“However homoeopathic remedies are classified, it is always on the totality of the symptoms that the drug is selected for treatment.” 
That Hahnemann’s ‘totality of characteristic symptoms in the patient’ and ‘the drug” must match, if cure is to result, had also been re-enforced by Dr. Borland and Sir John Weir, who studied under Kent.  Other eminent homeopaths who influenced Margery’s development and shared her attitude of devotion to homeopathy, included Dr. James Ivy Compton Burnett, Dr. Skinner, Dr. Cooper, Dr. John Henry Clarke, Dr. Wheeler, Sir John Weir, Dr. Margaret Tyler, Dr. Elizabeth Wright Hubbard, and of course Dr. Douglas Morris Borland. Her contributions to homeopathy have been acknowledged ever since and her legacy lives on in the homeopaths who she taught.
When faced with new, challenging diseases nowadays, let’s remember her saying: “’Where there is life there is hope’ is the motto of the homoeopath.”
“In the last twenty years scientists have isolated innumerable viruses … We homeopaths might well say that today there may be as many viruses, but there have always been remedies to cope with the individual…” 
“Homoeopathy has not changed at all since Hahnemann founded it, and since it has not been affected by all the modern knowledge it is thought to be obsolete. Medicine, on the other hand, is advancing dramatically every year. But as I wander between Hahnemann’s Organon and modern medical journals, I conclude that homoeopathy started in advance and that orthodox medical knowledge has not yet caught it up.”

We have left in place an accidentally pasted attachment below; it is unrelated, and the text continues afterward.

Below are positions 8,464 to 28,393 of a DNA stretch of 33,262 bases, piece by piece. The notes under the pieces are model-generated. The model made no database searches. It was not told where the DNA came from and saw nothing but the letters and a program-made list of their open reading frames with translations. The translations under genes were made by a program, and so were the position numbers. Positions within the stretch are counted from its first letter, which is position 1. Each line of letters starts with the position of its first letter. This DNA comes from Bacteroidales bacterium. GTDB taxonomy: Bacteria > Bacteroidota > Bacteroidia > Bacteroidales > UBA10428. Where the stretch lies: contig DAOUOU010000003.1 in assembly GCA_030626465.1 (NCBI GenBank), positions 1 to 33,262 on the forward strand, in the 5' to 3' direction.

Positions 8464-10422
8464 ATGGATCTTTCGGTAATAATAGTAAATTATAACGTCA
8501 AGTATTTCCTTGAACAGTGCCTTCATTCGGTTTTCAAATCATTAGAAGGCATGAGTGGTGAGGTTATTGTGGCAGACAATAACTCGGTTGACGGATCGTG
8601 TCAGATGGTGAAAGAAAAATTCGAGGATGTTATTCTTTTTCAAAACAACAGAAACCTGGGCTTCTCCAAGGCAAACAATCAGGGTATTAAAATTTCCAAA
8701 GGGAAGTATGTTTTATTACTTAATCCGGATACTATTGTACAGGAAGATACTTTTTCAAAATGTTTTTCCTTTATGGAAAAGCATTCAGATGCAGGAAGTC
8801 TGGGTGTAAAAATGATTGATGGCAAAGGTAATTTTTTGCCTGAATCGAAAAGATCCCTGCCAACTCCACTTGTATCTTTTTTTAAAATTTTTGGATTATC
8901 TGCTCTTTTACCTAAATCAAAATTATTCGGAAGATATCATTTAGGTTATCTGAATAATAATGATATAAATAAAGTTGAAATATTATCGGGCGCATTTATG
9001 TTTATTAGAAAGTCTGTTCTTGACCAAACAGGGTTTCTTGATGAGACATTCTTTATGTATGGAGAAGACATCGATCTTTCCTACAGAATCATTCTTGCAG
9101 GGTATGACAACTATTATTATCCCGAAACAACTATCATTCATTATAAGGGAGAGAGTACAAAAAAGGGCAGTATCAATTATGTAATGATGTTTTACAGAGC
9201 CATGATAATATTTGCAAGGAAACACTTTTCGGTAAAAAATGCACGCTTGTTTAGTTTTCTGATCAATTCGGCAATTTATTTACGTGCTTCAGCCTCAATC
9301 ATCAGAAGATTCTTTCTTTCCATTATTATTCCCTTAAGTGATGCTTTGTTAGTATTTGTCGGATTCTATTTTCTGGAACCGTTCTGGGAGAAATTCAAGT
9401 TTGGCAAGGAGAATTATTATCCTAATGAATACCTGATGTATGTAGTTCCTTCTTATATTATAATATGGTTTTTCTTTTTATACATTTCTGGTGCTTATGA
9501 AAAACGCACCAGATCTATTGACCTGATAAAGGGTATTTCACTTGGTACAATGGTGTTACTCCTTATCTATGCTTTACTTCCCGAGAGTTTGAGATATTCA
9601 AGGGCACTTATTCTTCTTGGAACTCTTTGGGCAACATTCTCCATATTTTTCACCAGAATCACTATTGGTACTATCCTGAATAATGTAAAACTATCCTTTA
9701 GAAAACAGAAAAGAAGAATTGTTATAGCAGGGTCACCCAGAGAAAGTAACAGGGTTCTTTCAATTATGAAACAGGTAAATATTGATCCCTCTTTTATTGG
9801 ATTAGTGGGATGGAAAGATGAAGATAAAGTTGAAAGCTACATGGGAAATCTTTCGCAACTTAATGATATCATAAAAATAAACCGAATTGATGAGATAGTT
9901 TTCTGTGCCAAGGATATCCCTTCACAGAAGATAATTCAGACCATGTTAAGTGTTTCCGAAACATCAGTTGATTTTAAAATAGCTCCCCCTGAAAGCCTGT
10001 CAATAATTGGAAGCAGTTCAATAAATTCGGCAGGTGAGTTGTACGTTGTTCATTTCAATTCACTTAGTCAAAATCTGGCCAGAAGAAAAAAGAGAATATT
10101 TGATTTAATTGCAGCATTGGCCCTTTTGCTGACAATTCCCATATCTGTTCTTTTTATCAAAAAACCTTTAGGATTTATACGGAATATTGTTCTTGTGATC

Margery Blackie, The patient, not the cure, p.57
 Margery Blackie, Classical Homeopathy, p.26
 Margery Blackie, The patient, not the cure, p.185
 Margery Blackie, The patient, not the cure, p.185
 see Margery Blackie, The patient, not the cure, p.180
 C.B.Smith, Champion of homoeopathy, The life of Margery Blackie, p. 88
 C.B.Smith, Champion of homoeopathy, The life of Margery Blackie, p. 97
 M Blackie, Classical Homoepathy, p.24
 C.B.Smith, Champion of homoeopathy, The life of Margery Blackie, p. 112
 Maregry Blackie, Champion of homoeopathy, The life of Margery Blackie, p.100
 Margery Blackie, The patient, not the cure, p.59
 Constance Babington Smith, Margery Blackie – The woman
 Margery Blackie, The patient, not the cure, p.4
 Margery Blackie, Classical homoeopathy, p.13
 Margery Blackie, The patient, not the cure, p.8
 Margery Blackie, The patient, not the cure, p.48
 Margery Blackie, the patient, not the cure, p.75
 see Margery Blackie, The patient, not the cure, p.163
 Margery Blackie, Classical Homoeopathy, p.9
 Margery Blackie, The patient, not the cure, p.53
 Margery Blackie, Classical Homoeopathy, p. 37
Poem quoted in: Constance Babington Smith, Margery Blackie – The woman, The second Blackie Memorial lecture, 1985